Frederick J. Diven, et al., Appellants, v. Amalgamated Transit Union International and Local 689,amalgamated Transit Union, Appellees, 38 F.3d 598 (D.C. Cir. 1994)

Annotate this Case
U.S. Court of Appeals for the District of Columbia Circuit - 38 F.3d 598 (D.C. Cir. 1994)

Argued Sept. 12, 1994. Decided Nov. 1, 1994


Appeal from the United States District Court for the District of Columbia (91cv1099).

Arthur L. Fox, II, argued the cause and filed the briefs, for appellants.

Douglas Taylor argued the cause and filed the brief, for appellees. With him on the brief, was Neal Goldfarb. Earle W. Putman entered an appearance, for appellee Amalgamated Transit Union Intern. Martin P. Hogan entered an appearance, for appellee Local 689, Amalgamated Transit Union.

Before SILBERMAN, SENTELLE, and ROGERS, Circuit Judges.

Opinion for the Court filed by Circuit Judge SILBERMAN.

SILBERMAN, Circuit Judge:


Appellants challenge the district court's refusal to exercise supplemental jurisdiction over appellants' non-federal claims against appellee Local Union 689. Local 689 is the exclusive bargaining representative of employees of the Washington Metropolitan Area Transit Authority ("WMATA"), a joint project among, and political subdivision of, the District of Columbia, Maryland, and Virginia. Appellants seek to assert non-federal claims against Local 689 in an otherwise federal lawsuit against the local's national affiliate. Since appellants' non-federal claims against the local union predominate over the related federal cause of action against the national union, we affirm the district court's decision.

Appellants, members of Local 689 of the Amalgamated Transit Union International ("ATU"), were fined over the course of several local union meetings by the local president, Thomas, for speaking in a manner deemed "disruptive" of those meetings. The fines were levied pursuant to local union bylaw Sec. 12(b), which authorizes the president summarily to discipline members for disrupting meetings. In issuing fines, the president did not refer to the ATU's constitution or its policies regarding member speech, but appellants brought (untimely) appeals to the international union, seeking to have the fines declared invalid under substantive and procedural provisions of the national union constitution. The ATU did not act, and the local union successfully extracted the fines from appellants. Appellants then sued in the district court, alleging violations by both the local and international unions of appellants' free speech rights, as protected in Title I of the Labor Management Reporting and Disclosure Act ("LMRDA" or "Landrum-Griffin Act"), 29 U.S.C. § 411, as well as contractual violations by the local.

Appellants claimed that the local had violated the Landrum-Griffin Act outright, by curtailing members' speech. The local was also said to have violated its members' contractual rights by disregarding substantive protections of the Landrum-Griffin Act, which are guaranteed in the ATU constitution and incorporated by reference in the local bylaws. Appellants further claimed that the local had violated contractual procedural protections for members set forth in the international union's constitution, as well as its own bylaws regarding the discipline of members.

For its part, the ATU was alleged not to have followed its own procedures for review of member discipline, as well as to have violated the Landrum-Griffin Act less directly. The ATU's constitution includes a Sec. 22.6, which bans members' speech conducive to "dissension or subver [sion]" of the interest and harmony of the national union, but the constitution also contains a savings clause, Sec. 22.7, to the effect that nothing in Sec. 22.6 can be read to undermine Landrum-Griffin's Title I free speech rights. Appellants claim that, notwithstanding the savings clause, Sec. 22.6 is facially inconsistent with Landrum-Griffin and has an illegal chilling effect by providing "aid and comfort to local officials' efforts to stifle" members' speech. The offending clause, in other words, although not referred to by the local officials, nevertheless had encouraged their allegedly illegal behavior. Accordingly, appellants sought declaratory and injunctive relief against the local, recovery of the fines, and an order excising Sec. 22.6 from the ATU's constitution.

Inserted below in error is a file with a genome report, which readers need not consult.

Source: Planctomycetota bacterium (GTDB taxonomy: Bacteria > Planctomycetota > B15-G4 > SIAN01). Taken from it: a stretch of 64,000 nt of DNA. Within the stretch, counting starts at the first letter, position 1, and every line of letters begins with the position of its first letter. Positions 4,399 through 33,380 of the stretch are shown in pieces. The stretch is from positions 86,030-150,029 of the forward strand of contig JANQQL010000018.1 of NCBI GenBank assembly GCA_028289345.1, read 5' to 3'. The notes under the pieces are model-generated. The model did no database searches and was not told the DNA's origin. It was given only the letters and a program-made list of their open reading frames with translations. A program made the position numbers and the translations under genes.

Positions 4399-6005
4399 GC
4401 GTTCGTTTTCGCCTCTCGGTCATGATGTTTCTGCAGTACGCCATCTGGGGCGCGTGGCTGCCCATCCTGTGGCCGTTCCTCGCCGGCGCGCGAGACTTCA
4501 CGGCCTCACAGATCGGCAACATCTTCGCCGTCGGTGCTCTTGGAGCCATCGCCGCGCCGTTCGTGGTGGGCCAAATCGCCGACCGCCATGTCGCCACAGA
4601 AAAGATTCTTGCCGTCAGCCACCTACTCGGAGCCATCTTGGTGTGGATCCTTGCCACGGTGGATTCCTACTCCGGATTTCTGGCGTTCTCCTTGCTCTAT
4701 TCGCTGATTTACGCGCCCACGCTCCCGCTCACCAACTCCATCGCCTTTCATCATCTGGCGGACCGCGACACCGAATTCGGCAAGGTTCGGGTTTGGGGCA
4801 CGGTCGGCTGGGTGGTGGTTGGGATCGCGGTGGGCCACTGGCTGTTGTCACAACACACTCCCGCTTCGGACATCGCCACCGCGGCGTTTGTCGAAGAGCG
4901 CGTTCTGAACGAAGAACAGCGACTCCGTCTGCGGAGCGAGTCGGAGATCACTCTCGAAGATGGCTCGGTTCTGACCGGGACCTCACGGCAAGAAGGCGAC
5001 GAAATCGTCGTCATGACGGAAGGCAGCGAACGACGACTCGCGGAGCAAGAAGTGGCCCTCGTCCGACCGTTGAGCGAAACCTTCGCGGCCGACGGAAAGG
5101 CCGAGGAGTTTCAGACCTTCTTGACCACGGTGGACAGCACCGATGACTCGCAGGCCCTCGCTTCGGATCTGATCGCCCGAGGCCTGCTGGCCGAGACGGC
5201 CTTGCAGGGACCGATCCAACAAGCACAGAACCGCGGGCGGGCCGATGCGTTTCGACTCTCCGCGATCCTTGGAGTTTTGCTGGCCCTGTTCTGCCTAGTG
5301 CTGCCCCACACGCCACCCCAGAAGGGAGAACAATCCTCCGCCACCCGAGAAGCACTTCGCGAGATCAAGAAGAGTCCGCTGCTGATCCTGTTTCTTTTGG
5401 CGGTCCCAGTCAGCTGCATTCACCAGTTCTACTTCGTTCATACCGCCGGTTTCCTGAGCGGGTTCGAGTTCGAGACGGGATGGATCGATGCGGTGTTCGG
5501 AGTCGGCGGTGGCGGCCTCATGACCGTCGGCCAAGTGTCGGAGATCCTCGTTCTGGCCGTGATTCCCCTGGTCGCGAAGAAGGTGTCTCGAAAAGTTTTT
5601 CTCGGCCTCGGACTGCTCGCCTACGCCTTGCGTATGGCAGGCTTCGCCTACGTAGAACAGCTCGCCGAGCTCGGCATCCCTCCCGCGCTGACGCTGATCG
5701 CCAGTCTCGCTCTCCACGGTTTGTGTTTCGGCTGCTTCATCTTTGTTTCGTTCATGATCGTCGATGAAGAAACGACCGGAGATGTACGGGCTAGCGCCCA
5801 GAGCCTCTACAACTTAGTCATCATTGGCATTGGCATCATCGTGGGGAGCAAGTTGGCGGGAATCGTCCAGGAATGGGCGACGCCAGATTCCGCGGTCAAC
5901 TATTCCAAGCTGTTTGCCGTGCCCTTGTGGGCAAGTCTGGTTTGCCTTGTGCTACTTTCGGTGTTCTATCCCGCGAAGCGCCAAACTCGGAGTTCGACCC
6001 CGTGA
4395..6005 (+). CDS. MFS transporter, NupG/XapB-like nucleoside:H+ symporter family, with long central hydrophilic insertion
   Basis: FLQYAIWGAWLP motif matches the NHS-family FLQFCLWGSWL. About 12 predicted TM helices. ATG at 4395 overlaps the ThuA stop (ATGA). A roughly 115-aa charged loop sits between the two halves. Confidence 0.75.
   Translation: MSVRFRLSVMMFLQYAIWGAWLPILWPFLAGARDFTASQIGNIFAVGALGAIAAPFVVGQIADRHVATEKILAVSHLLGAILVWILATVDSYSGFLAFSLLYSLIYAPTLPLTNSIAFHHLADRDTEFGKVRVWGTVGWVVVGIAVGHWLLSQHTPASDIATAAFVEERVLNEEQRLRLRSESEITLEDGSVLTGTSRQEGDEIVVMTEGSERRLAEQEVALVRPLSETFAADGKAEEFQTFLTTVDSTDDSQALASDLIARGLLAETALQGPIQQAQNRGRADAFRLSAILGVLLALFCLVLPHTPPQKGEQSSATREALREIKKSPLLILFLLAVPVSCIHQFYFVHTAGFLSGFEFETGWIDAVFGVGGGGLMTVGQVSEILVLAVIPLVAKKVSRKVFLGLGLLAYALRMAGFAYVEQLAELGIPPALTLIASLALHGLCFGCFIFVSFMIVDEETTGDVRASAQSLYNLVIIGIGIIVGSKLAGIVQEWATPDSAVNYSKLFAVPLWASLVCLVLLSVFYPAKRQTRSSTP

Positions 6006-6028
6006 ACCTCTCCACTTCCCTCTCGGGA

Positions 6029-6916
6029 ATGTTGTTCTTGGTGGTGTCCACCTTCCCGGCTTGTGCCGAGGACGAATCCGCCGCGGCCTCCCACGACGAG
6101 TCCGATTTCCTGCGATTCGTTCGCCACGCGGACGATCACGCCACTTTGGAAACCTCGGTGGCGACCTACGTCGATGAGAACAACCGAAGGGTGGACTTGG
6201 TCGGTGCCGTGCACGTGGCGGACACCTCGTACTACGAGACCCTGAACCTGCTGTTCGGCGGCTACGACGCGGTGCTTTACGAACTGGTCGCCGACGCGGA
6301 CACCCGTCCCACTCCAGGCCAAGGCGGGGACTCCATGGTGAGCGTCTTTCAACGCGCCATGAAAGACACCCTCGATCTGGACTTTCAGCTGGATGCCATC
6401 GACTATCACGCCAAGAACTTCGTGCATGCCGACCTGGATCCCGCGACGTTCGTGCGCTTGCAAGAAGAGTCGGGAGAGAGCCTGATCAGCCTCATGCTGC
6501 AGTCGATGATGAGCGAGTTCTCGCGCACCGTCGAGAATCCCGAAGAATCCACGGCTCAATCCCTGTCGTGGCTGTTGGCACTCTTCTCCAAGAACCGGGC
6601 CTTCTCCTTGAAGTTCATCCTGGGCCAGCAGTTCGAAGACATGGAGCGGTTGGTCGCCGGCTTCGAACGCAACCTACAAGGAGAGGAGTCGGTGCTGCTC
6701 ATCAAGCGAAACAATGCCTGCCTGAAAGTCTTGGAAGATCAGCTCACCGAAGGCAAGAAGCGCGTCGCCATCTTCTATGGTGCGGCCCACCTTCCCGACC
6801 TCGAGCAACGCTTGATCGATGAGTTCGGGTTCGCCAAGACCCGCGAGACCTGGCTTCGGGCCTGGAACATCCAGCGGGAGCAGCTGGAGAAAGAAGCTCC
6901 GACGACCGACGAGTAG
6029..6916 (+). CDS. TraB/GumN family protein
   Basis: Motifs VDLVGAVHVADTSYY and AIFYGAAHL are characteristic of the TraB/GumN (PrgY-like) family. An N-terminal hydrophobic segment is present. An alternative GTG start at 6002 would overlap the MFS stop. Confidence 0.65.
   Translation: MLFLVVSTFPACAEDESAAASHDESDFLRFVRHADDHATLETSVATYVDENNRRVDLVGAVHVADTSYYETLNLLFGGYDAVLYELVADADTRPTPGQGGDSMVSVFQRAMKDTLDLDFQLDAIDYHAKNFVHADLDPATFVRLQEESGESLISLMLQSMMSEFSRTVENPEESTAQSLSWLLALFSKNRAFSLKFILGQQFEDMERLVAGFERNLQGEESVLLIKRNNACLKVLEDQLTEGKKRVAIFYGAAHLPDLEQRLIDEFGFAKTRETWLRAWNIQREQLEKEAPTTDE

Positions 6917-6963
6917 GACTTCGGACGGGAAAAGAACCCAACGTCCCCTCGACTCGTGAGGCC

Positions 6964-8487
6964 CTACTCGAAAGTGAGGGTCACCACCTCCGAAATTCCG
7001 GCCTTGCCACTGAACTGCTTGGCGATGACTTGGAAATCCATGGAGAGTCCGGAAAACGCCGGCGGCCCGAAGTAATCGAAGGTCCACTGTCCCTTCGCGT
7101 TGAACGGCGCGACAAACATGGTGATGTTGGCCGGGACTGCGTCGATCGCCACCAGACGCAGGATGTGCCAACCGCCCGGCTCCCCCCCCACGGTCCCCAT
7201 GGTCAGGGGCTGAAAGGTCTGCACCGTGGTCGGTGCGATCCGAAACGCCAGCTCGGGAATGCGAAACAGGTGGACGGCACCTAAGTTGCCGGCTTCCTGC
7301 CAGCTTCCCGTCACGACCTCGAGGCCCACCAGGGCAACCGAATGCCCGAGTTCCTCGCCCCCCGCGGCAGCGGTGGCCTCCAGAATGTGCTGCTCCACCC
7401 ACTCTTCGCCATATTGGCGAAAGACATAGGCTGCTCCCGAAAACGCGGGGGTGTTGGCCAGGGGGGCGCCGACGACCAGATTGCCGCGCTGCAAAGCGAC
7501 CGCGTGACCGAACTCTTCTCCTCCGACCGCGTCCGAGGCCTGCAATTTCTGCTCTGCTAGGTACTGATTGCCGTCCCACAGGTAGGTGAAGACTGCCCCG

The local union moved to dismiss the case on jurisdictional grounds, arguing that appellants' only cognizable claim against it was based on D.C. law--even if the non-federal question implicated Landrum-Griffin by virtue of successive contractual incorporations--and that therefore federal question jurisdiction was lacking. Appellants responded that a federal question had at least been raised against ATU if not also against the local, and the state contract claim against the local defendants was so closely related to the federal claim that the district court was obliged to assert "supplemental" jurisdiction over the contractual claim per the new supplemental jurisdiction statute. 28 U.S.C. § 1367. The district court declined to do so. It believed that appellants' federal claim under both the Landrum-Griffin Act and the Taft-Hartley Act could not be brought against the local because neither Act covers unions composed solely of employees of state or municipal governments. While the federal claim against the international union remained, the district court ruled it would be inappropriate to exercise supplemental jurisdiction over the state law contractual claims against the local. The district judge thought that to exercise supplemental jurisdiction over appellants' contractual claim, which also asserted that the local was bound to observe Landrum-Griffin, would be to "admit at the back door that which has been legislatively turned away at the front door." (citing Stencel Aero Eng'g Corp. v. United States, 431 U.S. 666, 673, 97 S. Ct. 2054, 2059, 52 L. Ed. 2d 665, reh'g denied, 434 U.S. 882, 98 S. Ct. 250, 54 L. Ed. 2d 168 (1977)). The determination of the district judge was certified under Fed. R. Civ. P. 54(b) for our review.